Closing a business is rarely a happy moment, but you don’t have the luxury of shutting the doors and forgetting all about it.
50% of small businesses won’t make it past five years of operation. But what few people talk about is the work that goes into properly closing a business.
Below, we’re giving a quick rundown on the 7 actions you must take when you close a business.
A Quick Run Down on How to Close a Business: 7 Actions You Must Take
1. Consult with Employees
The closure of your business represents a major upheaval in the lives of your employees. Do the decent thing and notify them early. While you may have to limp through your final months on a skeleton crew, you’ll give your workers a chance to find positions elsewhere.
2. Resolve Outstanding Business
Your business is still beholden to any contracts it may have signed, and any work you may have taken on.
To the best of your ability, resolve all outstanding business, such as ongoing projects. You should also stop taking on new projects, as your ability to deliver them will only decrease.
3. Inform Customers
You may have customers who have shopped with you for years. Your last customer service act should be to inform them of the sad news.
This will give them the chance to engage with you one last time and find alternatives. It’ll also help to build awareness for when you close out your inventory.
4. Sell Inventory
Depending on your business, you may still have many goods to your name. If so, you must move it on by finding buyers.
If the goods you have are saleable stock, you can hold a fire sale to encourage your customers to purchase them. If it’s something more specialized, like materials, then you must sell them to a wholesaler or another company in your line of business.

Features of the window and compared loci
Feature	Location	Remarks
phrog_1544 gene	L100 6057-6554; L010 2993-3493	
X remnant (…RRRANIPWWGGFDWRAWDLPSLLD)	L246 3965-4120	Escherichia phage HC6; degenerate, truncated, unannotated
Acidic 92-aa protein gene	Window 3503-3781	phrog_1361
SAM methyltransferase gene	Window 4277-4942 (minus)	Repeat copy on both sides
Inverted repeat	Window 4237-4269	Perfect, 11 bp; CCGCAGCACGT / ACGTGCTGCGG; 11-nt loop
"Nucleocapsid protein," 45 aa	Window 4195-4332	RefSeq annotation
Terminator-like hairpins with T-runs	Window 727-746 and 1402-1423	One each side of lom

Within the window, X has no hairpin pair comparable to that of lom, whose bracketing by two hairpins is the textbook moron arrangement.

5. Resolve Outstanding Debts
Shutting the doors won’t absolve all debts in your name, so it’s essential you pay off any existing debts you’re still accountable for.
Reach out to your creditors at the earliest opportunity to notify them of your circumstances. This is also the time to request final settlement figures.
6. File Your Tax Return
How you file your final tax return will depend on your business. Sole proprietors can file their taxes as usual, without declaring its finality. The rules are more complicated for partnerships, LLCs, and organizations, so you must fulfill the respective IRS requirements.
7. Tie Up Loose Ends
A business closure results in a wide variety of loose ends besides the ones we’ve outlined above. Work with your business attorney to ensure you’ve checked all the legal boxes before you wrap up.
You must distribute any remaining business funds if you’re not a sole proprietor. You also must close any utilities or services you have in place.
Finally, you can close relevant bank accounts and cancel your business license.
Close a Business the Right Way
When you close a business, it’s vital you go about it the right way. Failing to do so can leave you open to further stress and even legal turmoil. With this checklist, you’ve covered the essentials.
If you’re a business owner looking for legal help with closing a business, you can get in touch with us.